Blumenstein Audio Makes Some of the Best Speakers You’ve Never Heard

An annotated look inside the West Seattle garage where the magic happens.

By Joe Gustav January 23, 2013 Published in the February 2013 issue of Seattle Met

For six years, Clark and Molly Blumenstein of Blumenstein Audio ( have pumped out sharp-looking and crazy-powerful speakers and found fans around the globe, with little more than wood, glue, a strong environmental conscience, and an artist’s ear for high quality—all from their West Seattle garage workshop. Here's how they do it.

1. The mahogany sheen of an Orca is the result of a natural linseed oil and beeswax finish. The Blumensteins only use nontoxic materials, the last wish of Clark’s mentor, Terry Cain of Walla Walla. Cain passed away in 2006 at age 47, and had blamed the harmful materials he was exposed to throughout his career as a cabinetmaker for his failing health.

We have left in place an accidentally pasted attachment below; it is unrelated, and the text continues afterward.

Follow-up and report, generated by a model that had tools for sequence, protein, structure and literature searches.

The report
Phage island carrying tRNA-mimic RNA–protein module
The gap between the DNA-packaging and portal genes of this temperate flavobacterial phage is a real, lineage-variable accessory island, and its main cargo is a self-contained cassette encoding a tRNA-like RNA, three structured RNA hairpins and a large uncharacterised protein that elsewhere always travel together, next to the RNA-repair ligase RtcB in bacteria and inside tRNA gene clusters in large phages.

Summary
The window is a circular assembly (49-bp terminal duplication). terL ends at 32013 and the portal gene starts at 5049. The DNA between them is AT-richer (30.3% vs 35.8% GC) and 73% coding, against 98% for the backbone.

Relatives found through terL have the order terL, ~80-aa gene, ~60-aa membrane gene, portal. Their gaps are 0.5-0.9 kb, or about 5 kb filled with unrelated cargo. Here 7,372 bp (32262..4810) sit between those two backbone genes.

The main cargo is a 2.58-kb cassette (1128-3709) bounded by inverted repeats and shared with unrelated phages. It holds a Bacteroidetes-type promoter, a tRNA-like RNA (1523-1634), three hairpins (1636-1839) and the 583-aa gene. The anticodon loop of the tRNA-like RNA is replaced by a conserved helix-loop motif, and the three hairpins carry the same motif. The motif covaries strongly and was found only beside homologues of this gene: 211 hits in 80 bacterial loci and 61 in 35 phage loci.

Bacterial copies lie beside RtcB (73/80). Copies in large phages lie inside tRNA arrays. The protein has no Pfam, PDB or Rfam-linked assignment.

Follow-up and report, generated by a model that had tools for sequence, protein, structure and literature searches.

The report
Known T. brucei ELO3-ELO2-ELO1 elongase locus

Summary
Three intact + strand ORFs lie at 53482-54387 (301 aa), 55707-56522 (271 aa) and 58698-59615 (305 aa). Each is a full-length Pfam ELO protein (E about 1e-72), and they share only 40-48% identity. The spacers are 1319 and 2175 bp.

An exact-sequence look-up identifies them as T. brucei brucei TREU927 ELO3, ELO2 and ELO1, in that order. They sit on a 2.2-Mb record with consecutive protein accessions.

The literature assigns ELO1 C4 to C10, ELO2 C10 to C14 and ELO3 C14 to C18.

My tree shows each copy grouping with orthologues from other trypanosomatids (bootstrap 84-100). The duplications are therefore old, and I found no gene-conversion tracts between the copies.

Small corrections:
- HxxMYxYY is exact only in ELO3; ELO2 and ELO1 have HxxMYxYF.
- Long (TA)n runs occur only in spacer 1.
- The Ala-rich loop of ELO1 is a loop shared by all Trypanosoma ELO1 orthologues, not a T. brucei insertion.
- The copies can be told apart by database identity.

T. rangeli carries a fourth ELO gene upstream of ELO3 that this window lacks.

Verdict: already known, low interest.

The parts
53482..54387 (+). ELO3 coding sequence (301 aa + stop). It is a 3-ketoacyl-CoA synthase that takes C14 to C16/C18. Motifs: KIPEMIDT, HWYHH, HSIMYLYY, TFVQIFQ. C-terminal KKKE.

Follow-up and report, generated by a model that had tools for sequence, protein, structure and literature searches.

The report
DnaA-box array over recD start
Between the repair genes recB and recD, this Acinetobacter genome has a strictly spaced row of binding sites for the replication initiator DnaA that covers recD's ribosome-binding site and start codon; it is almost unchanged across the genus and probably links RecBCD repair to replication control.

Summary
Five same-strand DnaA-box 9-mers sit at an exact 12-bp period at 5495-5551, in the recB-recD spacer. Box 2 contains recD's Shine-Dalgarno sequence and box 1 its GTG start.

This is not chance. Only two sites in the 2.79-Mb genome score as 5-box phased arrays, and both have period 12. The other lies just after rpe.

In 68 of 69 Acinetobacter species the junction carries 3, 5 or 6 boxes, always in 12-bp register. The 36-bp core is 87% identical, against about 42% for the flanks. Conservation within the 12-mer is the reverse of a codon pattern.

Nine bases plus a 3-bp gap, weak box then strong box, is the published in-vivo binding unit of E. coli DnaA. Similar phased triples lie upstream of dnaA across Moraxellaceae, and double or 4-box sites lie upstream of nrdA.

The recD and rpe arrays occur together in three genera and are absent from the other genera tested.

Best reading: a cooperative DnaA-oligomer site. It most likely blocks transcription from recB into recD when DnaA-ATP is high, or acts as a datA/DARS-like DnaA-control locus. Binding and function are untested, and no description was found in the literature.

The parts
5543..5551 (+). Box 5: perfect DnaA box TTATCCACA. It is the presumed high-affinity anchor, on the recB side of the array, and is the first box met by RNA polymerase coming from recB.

2. Clark’s designs are driven by what he calls a “continual quest for quality.” A proud artisan, he estimates he’s trashed thousands of variations on his current design, which uses glue—not screws or other metal fasteners—to hold it all together, allowing for minimal interference with the sound projected.

3. Clark doesn’t currently make the drivers for his speakers—they come from another manufacturer he’d rather not name—but he probably could, thanks to a postcollegiate apprenticeship in Japan with renowned manufacturer Feastrex. The only Westerner in a hamlet of 200, he hardly spoke a word to anyone during his three months there: “It was the hardest thing I’ve ever done.”

4. The Blumensteins have sold 200 pairs of speakers in the past year, matching the previous five-year total. They’ve shipped to all seven continents, including Antarctica, where a friend of a friend was working the telescope at the South Pole Observatory. Molly, who heads up marketing and sales, attributes the company’s growth to glowing word of mouth.

5. At the end of production, Clark finally uses a screwdriver—but just to tune the acoustic system by adjusting the four screws that join the driver to the cabinet. He trained his ear as a music history major at Whitman College, where his senior project was a DIY clavichord kit.


Published: February 2013

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